It could have been disastrous for Doris. Although only 6 checks showed up on her bank statement the check numbers that showed up on her statement indicated that at least 23 checks were written but only 6 had cleared when the bank statement was issued and she caught the fraud Technology can be so convenience but beware.

Postscript: Under Texas law the Bank must refund the money to Doris so long as she properly reports it to the bank. Based on my contact with Plano, Texas, attorney Keith E. Davis, however, the biggest vulnerability I see for people is use of a DEBIT card. Debit cards do not carry the protections of a credit card (limit on liability for theft if properly reported) or bank account. Once the scammer figures out how to access your debit card, your bank account can be in real jeopardy and you can only hope that your bank will be nice and help you try to recover.

Patty Sitchler
Patricia F. Sitchler, CELA
Schoenbaum, Curphy & Scanlan, P.C.
112 E. Pecan St., Suite 3000
San Antonio, Texas 78205

Thank you, Patty. Word to the wise.

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Robert B. Fleming


Robert Fleming is a Fellow of both the American College of Trust and Estate Counsel and the National Academy of Elder Law Attorneys. He has been certified as a Specialist in Estate and Trust Law by the State Bar of Arizona‘s Board of Legal Specialization, and he is also a Certified Elder Law Attorney by the National Elder Law Foundation. Robert has a long history of involvement in local, state and national organizations. He is most proud of his instrumental involvement in the Special Needs Alliance, the premier national organization for lawyers dealing with special needs trusts and planning.

Robert has two adult children, two young grandchildren and a wife of over fifty years. He is devoted to all of them. He is also very fond of Rosalind Franklin (his office companion corgi), and his homebound cat Muninn. He just likes people, their pets and their stories.

Elizabeth N.R. Friman


Elizabeth Noble Rollings Friman is a principal and licensed fiduciary at Fleming & Curti, PLC. Elizabeth enjoys estate planning and helping families navigate trust and probate administrations. She is passionate about the fiduciary work that she performs as a trustee, personal representative, guardian, and conservator. Elizabeth works with CPAs, financial professionals, case managers, and medical providers to tailor solutions to complex family challenges. Elizabeth is often called upon to serve as a neutral party so that families can avoid protracted legal conflict. Elizabeth relies on the expertise of her team at Fleming & Curti, and as the Firm approaches its third decade, she is proud of the culture of care and consideration that the Firm embodies. Finding workable solutions to sensitive and complex family challenges is something that Elizabeth and the Fleming & Curti team do well.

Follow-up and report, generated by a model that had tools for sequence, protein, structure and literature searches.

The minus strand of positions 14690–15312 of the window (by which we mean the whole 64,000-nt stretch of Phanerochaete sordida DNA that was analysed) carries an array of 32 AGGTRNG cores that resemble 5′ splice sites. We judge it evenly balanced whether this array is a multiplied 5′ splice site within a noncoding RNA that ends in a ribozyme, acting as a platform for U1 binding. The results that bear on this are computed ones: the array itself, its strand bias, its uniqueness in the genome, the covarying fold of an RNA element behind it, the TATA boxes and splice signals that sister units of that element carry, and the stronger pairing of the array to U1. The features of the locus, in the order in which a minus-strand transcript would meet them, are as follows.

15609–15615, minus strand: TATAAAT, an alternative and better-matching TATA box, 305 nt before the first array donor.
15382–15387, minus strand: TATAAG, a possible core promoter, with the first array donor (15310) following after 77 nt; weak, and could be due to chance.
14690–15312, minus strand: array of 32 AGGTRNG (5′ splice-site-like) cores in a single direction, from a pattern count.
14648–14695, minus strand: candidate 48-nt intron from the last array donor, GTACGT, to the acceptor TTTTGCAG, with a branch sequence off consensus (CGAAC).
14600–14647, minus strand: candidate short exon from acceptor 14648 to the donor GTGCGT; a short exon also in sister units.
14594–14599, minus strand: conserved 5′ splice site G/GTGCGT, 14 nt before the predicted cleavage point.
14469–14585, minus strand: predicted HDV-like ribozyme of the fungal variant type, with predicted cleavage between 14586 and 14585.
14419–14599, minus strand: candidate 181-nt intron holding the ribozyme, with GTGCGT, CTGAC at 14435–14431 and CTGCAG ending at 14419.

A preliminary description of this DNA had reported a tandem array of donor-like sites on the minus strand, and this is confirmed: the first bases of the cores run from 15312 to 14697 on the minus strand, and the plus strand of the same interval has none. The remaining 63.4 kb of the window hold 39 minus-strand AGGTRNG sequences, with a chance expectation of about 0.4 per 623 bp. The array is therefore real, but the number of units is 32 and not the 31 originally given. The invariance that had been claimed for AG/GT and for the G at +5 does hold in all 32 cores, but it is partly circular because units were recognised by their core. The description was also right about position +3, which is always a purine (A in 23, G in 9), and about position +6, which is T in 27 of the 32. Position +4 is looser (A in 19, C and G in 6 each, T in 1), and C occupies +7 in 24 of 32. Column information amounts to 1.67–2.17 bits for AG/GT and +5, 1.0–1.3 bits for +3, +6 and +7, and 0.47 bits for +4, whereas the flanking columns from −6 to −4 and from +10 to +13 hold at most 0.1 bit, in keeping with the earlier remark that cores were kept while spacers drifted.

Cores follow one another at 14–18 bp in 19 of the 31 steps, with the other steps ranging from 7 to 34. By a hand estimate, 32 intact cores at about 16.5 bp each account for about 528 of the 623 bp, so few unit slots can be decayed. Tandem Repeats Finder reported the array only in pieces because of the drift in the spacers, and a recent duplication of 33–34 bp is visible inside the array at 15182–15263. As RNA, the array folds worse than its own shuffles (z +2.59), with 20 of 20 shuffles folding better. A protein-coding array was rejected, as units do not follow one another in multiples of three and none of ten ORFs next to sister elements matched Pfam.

Amy F. Matheson


Amy Farrell Matheson has worked as an attorney at Fleming & Curti since 2006. A member of the Southern Arizona Estate Planning Council, she is primarily responsible for estate planning and probate matters.

Amy graduated from Wellesley College with a double major in political science and English. She is an honors graduate of Suffolk University Law School and has been admitted to practice in Arizona, Massachusetts, New York, and the District of Columbia.

Prior to joining Fleming & Curti, Amy worked for American Public Television in Boston, and with the international trade group at White & Case, LLP, in Washington, D.C.

Amy’s husband, Tom, is an astronomer at NOIRLab and the Head of Time Domain Services, whose main project is ANTARES. Sadly, this does not involve actual time travel. Amy’s twin daughters are high school students; Finn, her Irish Red and White Setter, remains a puppy at heart.

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Matthew M. Mansour


Matthew is a law clerk who recently earned his law degree from the University of Arizona James E. Rogers College of Law. His undergraduate degree is in psychology from the University of California, Santa Barbara. Matthew has had a passion for advocacy in the Tucson community since his time as a law student representative in the Workers’ Rights Clinic. He also has worked in both the Pima County Attorney’s Office and the Pima County Public Defender’s Office. He enjoys playing basketball, caring for his cat, and listening to audiobooks narrated by the authors.